Monday February 18, 2019

Maternal Cannabis Use to Trigger Early Indulgence in Kids

The researchers also analysed the impacts of mother's marijuana use on child's cognitive skills, family's socio-economic position and social environment

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Cannabis-based drug may help in motor neuron disease: Lancet. pixabay

Children whose mothers use Cannabis are more likely to start smoking weed an average of two years earlier, which can lead to severe neuropsychiatric and social consequences, according to a new study.

The results, led by researchers from the Brown University in Rhode Island, US, suggested that mothers who used marijuana increased their children’s risk for its early use, at a median age of 16, as compared with age 18 for children whose mothers did not use the drug.

While marijuana has been recognised as a therapeutic benefit for a number of health conditions, including a safer alternative to opioids, it has been linked with negative consequences among children.

Early usage of cannabis may lead to conditions such as impairments in concentration and decision-making, increased impulsivity, as well as reductions in IQ.

The younger a child begins using marijuana, the more severe the effects would be. Therefore, delaying marijuana initiation may be an important public health goal, the researchers said.

Marijuana
In this July 12, 2018 file photo, a newly-transplanted cannabis cuttings grow in pots at a medical marijuana cultivation facility in Massachusetts. (VOA)

“Beginning marijuana use at a young age has been linked with negative cognitive and behavioural consequences,” said Natasha Sokol, a postdoctoral student at the varsity.

“It’s important to better understand how these changes may impact children’s early marijuana use so that we can better identify at-risk youth and implement effective prevention strategies,” she added.

For the study, published in the American Journal of Preventive Medicine, the team assessed the timing and extent of marijuana use and initiation among 4,440 children and 2,586 mothers.

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They tested the effect of a mother’s marijuana use between a child’s birth and age 12 on that child’s subsequent risk of marijuana initiation and controlling for factors related to the child’s early life behaviour.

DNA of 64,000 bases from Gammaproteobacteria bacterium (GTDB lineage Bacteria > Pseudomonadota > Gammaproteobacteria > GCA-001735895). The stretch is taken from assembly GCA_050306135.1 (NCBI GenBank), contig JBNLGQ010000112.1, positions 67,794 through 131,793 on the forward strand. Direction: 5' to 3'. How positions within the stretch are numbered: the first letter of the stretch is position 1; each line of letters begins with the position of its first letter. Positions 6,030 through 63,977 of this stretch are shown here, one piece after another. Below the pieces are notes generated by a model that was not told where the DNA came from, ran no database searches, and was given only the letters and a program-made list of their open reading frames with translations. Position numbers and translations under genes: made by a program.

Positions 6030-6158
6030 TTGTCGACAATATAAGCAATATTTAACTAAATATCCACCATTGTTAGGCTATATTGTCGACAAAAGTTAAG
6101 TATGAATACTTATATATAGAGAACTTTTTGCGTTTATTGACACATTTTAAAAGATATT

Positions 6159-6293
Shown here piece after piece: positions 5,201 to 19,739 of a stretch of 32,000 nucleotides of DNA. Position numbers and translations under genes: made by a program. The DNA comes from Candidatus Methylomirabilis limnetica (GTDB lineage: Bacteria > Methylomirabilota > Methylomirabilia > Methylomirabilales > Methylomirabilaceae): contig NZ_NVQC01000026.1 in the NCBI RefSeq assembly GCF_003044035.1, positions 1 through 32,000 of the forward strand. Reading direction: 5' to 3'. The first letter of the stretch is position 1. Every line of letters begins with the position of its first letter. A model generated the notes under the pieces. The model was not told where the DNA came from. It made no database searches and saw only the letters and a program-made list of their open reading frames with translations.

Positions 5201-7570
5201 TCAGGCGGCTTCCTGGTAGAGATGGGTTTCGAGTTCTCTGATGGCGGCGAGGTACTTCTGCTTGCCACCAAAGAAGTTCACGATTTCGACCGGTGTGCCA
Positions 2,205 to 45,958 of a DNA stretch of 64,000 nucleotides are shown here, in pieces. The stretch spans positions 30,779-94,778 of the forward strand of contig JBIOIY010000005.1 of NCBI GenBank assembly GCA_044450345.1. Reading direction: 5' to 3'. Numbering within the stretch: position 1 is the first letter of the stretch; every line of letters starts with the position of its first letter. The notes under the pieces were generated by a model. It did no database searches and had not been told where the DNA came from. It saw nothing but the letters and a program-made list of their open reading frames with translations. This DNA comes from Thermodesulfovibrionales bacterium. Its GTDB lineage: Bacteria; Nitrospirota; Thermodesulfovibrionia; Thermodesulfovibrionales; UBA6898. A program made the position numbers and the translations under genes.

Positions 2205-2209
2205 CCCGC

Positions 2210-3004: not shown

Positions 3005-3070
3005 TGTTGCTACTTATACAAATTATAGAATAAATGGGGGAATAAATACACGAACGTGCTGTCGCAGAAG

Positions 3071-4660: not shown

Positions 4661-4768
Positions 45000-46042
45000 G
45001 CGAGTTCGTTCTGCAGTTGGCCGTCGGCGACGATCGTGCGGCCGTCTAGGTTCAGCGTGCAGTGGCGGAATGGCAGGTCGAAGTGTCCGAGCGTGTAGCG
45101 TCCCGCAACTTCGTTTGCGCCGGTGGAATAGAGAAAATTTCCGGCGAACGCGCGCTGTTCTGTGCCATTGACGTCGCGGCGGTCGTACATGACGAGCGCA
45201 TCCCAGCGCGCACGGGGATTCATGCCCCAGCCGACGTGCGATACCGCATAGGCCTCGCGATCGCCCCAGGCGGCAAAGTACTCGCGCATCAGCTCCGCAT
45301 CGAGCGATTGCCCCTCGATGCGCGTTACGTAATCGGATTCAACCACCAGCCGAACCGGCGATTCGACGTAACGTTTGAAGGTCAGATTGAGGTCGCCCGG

The researchers also analysed the impacts of mother’s marijuana use on child’s cognitive skills, family’s socio-economic position and social environment. (IANS)

Next Story

Edible Marijuana May Affect Heart Health in Elderly, Says Study

A number of prior case reports, as well as epidemiological studies, have described the association between cannabis use and acute cardiovascular adverse events, including myocardial infarction, stroke, arrhythmias and sudden death

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Israel, Marijauna
An Israeli woman works at Tikkun Olam medical cannabis farm, near the northern Israeli city of Safed, Israel, Nov. 1, 2012. Late Tuesday, Dec. 25, 2018, Israel's parliament unanimously approved a law to permit exports of medical marijuana. VOA

With marijuana legalisation sweeping the US, an increasing number of people believe that “weed” is the safest recreational drug, and carries health benefits that outweigh its risks.

However, according to a new study, each marijuana formulation may affect and sometimes even compromise the cardiovascular system in older adults.

“Marijuana can be a useful tool for many patients, especially for pain and nausea relief. At the same time, like all other medications, it does carry risks and side effects,” said Alexandra Saunders from the Dalhousie University in Canada.

Cannabis flower (marijuana).

The study, published in the Canadian Journal of Cardiology, examined the case of a patient who developed crushing chest pain and myocardial ischemia after consuming most of a marijuana lollipop.

The “inappropriate dosing and oral consumption of marijuana resulted in distress that caused a cardiac event and subsequent reduced cardiac function,” Saunders said.

The report describes a 70-year-old man with stable coronary artery disease, taking the appropriate cardiac medications, who ate most of a lollipop that was infused with 90 mg of THC (delta-9-tetrahydrocannabinol) to relieve pain and aid sleep. The lollipop caused him to have a potentially serious heart attack.

According to the report, he consumed a much larger dose than the 7 mg that is typically ingested by smoking a single joint or taking the 2.5 mg starting dose of a synthetic THC.

Marijuana, Canada, israel
In this July 12, 2018 file photo, a newly-transplanted cannabis cuttings grow in pots at a medical marijuana cultivation facility in Massachusetts. (VOA)

The patient’s ingestion of an unusually large amount of THC caused the unexpected strain on his body from anxiety and fearful hallucinations and likely triggered the cardiac event, the researchers said.

A number of prior case reports, as well as epidemiological studies, have described the association between cannabis use and acute cardiovascular adverse events, including myocardial infarction, stroke, arrhythmias and sudden death.

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While previous research on marijuana-induced myocardial ischemia has mostly focused on younger patients, healthcare providers need to understand and manage cannabis use and its complications in older patients, particularly in those with cardiovascular disease, the researchers noted. (IANS)